​If the iTunes Store replaced record stores, what might iTunes Radio replace?

Opinion from Peter Saxon

Few would argue that Apple has been the world’s single most innovative company over the past few decades. It is either first on the market with an invention nobody thought they needed until they saw it (think iPod + iTunes) or they come late into an established market and then turn it on its head with a category killer of a product (think iPhone + the app store).

iTunes Radio falls into the latter category. Although, as a product, nowhere near as revolutionary as iPhone when first launched. it has all the Apple hallmarks of elegant simplicity, particularly when used on a Mac or iOS device.

Each of the major streaming services we’ve seen so far have differed slightly in their approach. For example, Spotify allows subscribers to browse and cherry-pick songs or listen to whole albums almost as if it’s 20 million song datbase was their own, personal record collection.

On iTunes Radio it’s not easy to do that. Rather, it has a range of what it calls “stations,” each with its own “format.” These include: Hot Today, Hot Alternative, Hits of ‘80’s 90’s & Now, Classical – you get the picture.

On top of that there are special stations such as the Weekly Top 20, Guest hosted programs (this week it’s Paramore), The Beatles Station, The INXS Station, Ladies of The 80’s and many more.

These stations that underpin iTunes Radio, I’m told, are actually programmed, or rather curated, by actual people. What’s more, these actual people are actually based right here in Australia so that when you “tune in” to, say the Retro station, you’re getting songs that were actually hits in Australia.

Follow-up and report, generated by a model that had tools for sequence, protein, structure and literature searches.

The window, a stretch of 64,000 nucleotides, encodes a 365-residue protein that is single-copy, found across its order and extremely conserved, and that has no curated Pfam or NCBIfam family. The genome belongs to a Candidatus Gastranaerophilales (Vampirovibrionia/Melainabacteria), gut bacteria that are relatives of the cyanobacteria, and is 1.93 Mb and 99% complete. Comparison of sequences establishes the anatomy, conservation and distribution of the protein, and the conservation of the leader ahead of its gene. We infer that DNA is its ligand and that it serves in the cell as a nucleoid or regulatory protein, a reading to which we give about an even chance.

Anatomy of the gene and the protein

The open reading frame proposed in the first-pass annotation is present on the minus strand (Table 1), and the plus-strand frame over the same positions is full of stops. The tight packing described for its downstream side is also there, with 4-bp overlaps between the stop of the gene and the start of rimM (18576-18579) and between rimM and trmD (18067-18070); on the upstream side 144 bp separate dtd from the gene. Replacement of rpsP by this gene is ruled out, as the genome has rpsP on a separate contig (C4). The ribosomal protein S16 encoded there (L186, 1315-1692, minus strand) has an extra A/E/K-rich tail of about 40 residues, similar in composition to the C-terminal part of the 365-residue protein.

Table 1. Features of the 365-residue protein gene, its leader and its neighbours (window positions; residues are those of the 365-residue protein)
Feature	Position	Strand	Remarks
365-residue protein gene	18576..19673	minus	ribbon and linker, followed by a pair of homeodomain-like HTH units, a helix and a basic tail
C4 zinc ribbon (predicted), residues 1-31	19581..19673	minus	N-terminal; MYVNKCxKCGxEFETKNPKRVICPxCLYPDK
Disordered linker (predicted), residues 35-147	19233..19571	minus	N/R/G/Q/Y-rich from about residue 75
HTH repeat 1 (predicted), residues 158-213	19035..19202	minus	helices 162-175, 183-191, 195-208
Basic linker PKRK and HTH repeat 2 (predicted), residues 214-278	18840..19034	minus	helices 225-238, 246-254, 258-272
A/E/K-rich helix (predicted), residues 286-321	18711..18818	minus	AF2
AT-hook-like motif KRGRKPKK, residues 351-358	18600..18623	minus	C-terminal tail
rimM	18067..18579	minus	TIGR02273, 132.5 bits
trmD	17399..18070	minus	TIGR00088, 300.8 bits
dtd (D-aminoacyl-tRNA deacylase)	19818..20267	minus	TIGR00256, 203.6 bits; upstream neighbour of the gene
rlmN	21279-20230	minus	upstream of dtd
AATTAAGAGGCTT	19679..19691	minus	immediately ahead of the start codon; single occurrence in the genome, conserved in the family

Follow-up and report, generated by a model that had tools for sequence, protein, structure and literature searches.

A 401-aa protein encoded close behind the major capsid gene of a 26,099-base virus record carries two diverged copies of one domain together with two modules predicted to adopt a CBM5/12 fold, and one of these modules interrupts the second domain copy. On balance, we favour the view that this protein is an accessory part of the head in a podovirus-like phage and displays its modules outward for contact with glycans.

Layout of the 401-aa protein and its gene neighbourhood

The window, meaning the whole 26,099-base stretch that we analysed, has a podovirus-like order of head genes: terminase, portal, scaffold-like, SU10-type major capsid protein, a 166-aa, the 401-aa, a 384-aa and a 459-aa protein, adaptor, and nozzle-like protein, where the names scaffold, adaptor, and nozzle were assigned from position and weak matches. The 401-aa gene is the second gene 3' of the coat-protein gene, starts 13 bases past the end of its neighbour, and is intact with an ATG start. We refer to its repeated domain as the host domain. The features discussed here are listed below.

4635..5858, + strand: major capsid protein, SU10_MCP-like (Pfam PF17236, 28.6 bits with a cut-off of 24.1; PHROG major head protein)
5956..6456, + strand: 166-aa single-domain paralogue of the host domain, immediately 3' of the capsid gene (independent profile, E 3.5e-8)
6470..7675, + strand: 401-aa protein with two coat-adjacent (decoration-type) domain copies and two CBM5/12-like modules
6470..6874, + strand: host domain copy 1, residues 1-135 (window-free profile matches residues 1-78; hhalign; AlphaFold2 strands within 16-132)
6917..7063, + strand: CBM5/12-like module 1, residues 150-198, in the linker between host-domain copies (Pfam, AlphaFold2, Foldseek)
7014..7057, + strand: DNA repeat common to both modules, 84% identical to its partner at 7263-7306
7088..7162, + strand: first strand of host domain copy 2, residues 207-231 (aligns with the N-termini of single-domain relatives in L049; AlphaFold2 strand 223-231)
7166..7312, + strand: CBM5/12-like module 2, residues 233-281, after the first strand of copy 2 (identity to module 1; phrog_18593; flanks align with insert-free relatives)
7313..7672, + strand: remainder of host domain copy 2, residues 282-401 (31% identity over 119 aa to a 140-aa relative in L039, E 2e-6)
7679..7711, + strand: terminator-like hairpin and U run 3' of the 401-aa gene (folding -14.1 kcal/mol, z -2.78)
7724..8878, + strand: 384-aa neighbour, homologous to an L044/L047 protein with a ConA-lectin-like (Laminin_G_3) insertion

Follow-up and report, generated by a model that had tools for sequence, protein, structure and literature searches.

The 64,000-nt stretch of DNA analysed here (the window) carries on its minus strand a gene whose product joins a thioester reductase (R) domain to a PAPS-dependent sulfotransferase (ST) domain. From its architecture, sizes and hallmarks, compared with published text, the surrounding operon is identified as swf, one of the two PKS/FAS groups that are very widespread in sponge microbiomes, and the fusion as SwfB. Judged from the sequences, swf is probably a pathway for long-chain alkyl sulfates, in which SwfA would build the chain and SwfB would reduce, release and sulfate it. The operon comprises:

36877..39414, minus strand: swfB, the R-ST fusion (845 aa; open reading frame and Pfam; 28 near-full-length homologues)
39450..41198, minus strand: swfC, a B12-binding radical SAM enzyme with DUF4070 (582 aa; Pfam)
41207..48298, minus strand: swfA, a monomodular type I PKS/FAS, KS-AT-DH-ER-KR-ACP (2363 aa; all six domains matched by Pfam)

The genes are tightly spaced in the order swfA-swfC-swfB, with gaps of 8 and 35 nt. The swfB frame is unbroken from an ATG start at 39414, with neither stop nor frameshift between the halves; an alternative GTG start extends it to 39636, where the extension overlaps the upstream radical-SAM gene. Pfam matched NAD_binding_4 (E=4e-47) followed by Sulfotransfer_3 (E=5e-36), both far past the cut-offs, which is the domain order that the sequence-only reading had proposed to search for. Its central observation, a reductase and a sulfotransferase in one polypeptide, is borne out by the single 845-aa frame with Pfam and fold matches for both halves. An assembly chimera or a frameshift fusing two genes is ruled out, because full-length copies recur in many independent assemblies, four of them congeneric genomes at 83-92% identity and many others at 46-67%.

Apart from choosing from the list of iTunes curated stations, users are encouraged to create their own. Start by choosing an artist, a genre or an album and the iTunes’ “Genius” algorithm goes to work trawling through, not just iTunes Radio’s 40 million strong library but your own record collection too, provided you’ve uploaded it to iTunes on your computer and, of course, any songs you’ve purchased and downloaded from the iTunes store.

With each track you hear, you can fine tune your station by clicking a button to “play more like this” or another that says “never play this song again.”

In effect, iTunes Radio emulates a traditional music station by playing some of your favourites mixed with some new stuff except that it’s far more interactive. You can even choose the mix of music you want between hits and new stuff. Instead of broad-based music research, iTunes Radio is constantly polling you.

Can this be the death knell for music radio broadcasting?

Well, I doubt it. For all it’s bells and whistles in terms of selecting and playing music, iTunes Radio can’t tell you tomorrow’s weather in Cairns or how long it will take you to get to Tullamarine from Swanston Street. It won’t give you the cricket score and more importantly than give you a summary of the game. For all its brilliance as a juke box with a brain, iTunes Radio lacks heart, soul and a sense of humour.

Nonetheless, it has the potential to divert advertising revenue from broadcast radio, if broadcast radio doesn’t pay attention.

Whatever the threat to broadcast radio that’s posed by music streaming, adding iTunes Radio to the players already in the market doesn’t add much to it.

If iTunes Radio represents any real threat it is to the established market leaders in the music streaming space such as Pandora and Spotify. Not because iTunes Radio is so much better than them – it’s good but it’s no category killer – rather, because it is seamlessly integrated into iTunes, it has acquired access its own giant well-established user base from day one.

 Peter Saxon